When City Manager Bob Bartolotta proposed a review of the Sarasota Police Department in the wake of the botched investigation into the videotaped kicking of a handcuffed suspect, Vice Mayor Kelly Kirschner objected to the $55,000 cost and suggested creating an all-volunteer panel of local citizens to save money.
But, as the newly formed Police Advisory Panel met for the first time this week, its 11 members discussed the possibility of conducting a citywide survey to see how the community views the police department.
To create questions for the survey, focus groups using paid respondents and a paid professional company to conduct them were suggested.
The total cost is not known, but, based on previous estimates, it could enter the six-figure range.
“It’ll cost money, but good data generates good policy,” said Dr. James Unnever, a member of a three-member committee of experts, which advises the advisory panel.
Unnever is a University of South Florida professor, whose expertise is race relations within the criminal-justice system.
He suggested the survey be administered in a door-to-door fashion in the high-minority community area between Second Street and Myrtle Street and U.S. 41 and U.S. 301 — an area he estimated contains about 15,000 residents.
The cost, Unnever said, would not be more than $80,000.
But, when other panel members suggested the survey should encompass the whole city and not just the minority community, Unnever said that would make the survey much more expensive.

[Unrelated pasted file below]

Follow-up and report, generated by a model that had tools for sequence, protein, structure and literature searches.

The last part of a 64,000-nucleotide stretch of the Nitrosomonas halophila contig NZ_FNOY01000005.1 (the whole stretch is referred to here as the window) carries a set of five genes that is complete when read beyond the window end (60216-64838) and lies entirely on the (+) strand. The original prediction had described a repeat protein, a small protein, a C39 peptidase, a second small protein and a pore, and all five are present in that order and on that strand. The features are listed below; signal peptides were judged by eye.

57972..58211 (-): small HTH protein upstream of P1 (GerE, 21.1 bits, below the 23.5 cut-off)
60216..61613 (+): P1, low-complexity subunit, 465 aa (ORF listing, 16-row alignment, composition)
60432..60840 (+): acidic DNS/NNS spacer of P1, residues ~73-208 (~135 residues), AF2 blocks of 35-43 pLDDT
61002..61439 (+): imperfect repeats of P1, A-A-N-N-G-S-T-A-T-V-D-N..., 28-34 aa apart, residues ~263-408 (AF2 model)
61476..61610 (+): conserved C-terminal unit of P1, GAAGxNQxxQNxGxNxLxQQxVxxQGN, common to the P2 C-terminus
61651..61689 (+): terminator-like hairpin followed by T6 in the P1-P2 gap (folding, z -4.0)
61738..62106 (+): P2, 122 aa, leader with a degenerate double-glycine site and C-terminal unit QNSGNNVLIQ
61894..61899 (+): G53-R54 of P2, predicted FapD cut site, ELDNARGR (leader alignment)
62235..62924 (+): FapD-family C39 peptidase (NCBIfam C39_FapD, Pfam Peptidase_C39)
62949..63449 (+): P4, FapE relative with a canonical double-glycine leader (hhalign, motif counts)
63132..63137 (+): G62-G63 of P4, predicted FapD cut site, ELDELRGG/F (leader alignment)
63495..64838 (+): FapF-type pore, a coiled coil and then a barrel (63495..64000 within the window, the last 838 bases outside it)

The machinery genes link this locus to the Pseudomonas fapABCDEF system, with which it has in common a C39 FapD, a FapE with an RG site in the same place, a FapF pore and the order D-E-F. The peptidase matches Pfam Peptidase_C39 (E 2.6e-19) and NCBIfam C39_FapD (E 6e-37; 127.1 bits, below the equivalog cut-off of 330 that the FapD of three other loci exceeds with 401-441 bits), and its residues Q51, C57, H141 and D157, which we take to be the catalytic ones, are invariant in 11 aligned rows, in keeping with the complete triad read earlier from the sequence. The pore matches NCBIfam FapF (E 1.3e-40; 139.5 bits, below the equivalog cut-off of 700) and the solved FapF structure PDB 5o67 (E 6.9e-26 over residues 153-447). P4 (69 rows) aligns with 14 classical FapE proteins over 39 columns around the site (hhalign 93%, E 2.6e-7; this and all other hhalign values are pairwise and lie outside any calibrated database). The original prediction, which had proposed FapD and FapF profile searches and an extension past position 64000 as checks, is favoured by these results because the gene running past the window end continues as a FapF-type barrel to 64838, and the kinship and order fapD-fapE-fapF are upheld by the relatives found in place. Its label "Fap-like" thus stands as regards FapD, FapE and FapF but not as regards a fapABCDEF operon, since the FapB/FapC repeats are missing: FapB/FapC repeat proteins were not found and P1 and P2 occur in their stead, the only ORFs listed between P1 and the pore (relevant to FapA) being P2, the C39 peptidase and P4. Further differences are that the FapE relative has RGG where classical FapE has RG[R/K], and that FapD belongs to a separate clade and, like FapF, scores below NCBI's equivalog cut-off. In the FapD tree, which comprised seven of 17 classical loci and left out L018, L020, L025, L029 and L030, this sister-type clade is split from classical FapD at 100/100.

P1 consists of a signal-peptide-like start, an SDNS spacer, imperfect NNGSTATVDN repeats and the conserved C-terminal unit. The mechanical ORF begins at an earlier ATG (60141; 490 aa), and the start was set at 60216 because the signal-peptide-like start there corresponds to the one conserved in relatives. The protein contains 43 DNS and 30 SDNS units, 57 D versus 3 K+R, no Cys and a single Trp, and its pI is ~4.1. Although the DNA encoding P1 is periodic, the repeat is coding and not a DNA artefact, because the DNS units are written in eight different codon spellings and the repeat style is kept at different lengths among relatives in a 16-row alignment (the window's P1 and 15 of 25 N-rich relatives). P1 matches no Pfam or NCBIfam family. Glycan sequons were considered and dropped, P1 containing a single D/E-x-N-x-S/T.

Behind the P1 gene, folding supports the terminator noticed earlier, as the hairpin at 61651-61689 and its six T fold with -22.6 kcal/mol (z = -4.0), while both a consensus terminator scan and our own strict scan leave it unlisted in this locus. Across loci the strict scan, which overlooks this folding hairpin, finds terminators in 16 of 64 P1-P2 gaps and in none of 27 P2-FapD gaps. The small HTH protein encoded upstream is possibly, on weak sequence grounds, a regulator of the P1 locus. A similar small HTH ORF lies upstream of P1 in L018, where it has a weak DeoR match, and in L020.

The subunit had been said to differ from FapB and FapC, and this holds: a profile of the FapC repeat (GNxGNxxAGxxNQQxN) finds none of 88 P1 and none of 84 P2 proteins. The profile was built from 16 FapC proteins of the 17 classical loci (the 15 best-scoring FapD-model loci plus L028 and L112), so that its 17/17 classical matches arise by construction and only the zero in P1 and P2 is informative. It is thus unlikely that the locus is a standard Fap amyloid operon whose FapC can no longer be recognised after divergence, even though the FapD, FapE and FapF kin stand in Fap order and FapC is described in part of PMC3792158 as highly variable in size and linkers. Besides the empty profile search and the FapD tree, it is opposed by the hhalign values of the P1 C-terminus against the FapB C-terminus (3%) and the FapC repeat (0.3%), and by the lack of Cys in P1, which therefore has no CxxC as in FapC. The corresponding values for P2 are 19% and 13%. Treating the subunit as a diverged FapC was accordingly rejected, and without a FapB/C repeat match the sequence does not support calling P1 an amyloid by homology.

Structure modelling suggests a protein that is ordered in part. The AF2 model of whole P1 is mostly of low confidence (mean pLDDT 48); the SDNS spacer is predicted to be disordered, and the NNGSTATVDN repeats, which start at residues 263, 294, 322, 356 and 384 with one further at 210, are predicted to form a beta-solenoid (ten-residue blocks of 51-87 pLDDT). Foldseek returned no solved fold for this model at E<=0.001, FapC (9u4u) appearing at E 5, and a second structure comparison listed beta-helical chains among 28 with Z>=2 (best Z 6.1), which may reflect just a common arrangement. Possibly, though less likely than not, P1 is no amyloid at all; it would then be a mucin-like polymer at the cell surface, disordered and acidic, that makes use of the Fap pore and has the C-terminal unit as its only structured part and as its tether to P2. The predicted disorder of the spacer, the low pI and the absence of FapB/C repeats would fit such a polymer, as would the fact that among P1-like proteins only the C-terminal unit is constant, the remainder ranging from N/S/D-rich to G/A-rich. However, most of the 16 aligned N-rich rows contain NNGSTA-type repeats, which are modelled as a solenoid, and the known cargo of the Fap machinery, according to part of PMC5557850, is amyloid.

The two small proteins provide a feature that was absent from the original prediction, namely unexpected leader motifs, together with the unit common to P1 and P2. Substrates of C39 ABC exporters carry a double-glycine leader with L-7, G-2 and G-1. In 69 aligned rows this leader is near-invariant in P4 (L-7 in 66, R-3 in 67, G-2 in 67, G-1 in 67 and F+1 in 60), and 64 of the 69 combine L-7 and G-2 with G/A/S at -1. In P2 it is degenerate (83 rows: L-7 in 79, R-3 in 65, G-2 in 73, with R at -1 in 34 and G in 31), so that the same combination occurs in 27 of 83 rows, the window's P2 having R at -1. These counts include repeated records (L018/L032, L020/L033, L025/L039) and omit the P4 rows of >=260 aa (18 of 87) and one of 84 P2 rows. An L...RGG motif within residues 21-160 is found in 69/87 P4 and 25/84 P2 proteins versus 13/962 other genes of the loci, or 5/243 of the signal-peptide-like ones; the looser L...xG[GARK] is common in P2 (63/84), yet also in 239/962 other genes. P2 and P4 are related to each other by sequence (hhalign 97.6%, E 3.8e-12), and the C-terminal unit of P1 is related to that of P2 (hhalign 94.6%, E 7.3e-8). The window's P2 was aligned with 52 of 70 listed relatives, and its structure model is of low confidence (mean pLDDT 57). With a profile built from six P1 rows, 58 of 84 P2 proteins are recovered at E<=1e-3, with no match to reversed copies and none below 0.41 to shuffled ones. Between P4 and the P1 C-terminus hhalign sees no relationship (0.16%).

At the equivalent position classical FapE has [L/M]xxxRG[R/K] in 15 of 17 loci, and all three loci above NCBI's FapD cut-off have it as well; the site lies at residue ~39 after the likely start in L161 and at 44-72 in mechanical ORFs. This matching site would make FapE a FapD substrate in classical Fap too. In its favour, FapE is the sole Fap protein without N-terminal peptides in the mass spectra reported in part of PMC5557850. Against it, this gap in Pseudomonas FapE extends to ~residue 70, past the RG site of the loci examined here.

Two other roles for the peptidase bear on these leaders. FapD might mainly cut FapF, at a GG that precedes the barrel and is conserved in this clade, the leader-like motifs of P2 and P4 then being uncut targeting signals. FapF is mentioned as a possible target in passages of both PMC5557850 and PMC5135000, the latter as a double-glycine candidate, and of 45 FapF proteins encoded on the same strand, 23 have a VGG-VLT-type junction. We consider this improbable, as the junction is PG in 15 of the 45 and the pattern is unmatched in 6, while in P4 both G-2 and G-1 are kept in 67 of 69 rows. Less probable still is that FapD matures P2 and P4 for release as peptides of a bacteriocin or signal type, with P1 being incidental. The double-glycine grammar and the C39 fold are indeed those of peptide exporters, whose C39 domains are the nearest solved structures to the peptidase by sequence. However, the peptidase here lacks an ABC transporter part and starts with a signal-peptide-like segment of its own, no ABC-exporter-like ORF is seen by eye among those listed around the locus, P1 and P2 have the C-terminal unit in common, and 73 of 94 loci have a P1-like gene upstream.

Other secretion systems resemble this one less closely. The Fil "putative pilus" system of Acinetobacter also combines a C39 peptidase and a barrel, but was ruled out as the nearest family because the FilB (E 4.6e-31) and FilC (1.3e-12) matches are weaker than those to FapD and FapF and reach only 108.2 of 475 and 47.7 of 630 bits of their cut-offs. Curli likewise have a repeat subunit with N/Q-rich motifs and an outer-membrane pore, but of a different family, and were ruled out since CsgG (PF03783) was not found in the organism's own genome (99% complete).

Panel Chairwoman Susan Chapman suggested using previous citizen surveys, which the city conducts every two years, to collect data on attitudes toward police.
“A citywide survey is going to be fabulously expensive,” she said.
But Unnever said those surveys were “probably going to be worthless.”
Vice Chairman Adam Tebrugge said a survey would be unnecessary.
“I think the reason we’re all on this panel is because we represent different groups,” he said. “We should speak to our groups and report back to this committee.”
The group will continue its discussion on whether to conduct a survey at its Dec. 14 meeting.
The Police Advisory Panel has been assigned nine tasks to accomplish in its six-month lifespan, but in its first meeting, the group concentrated mainly on just one — the relationship between police and minorities. And that didn’t sit well with some of the board’s 11 members.
“I don’t think it should just be African-American and Hispanic communities,” said John McGruder, board member of Sarasota United for Responsibility and Equity. “It should be the whole city.”
“To focus on two cultural groups is totally wrong,” said Maria Gelinas, president of the Central Cocoanut Neighborhood Association. “It has to be a balance.”
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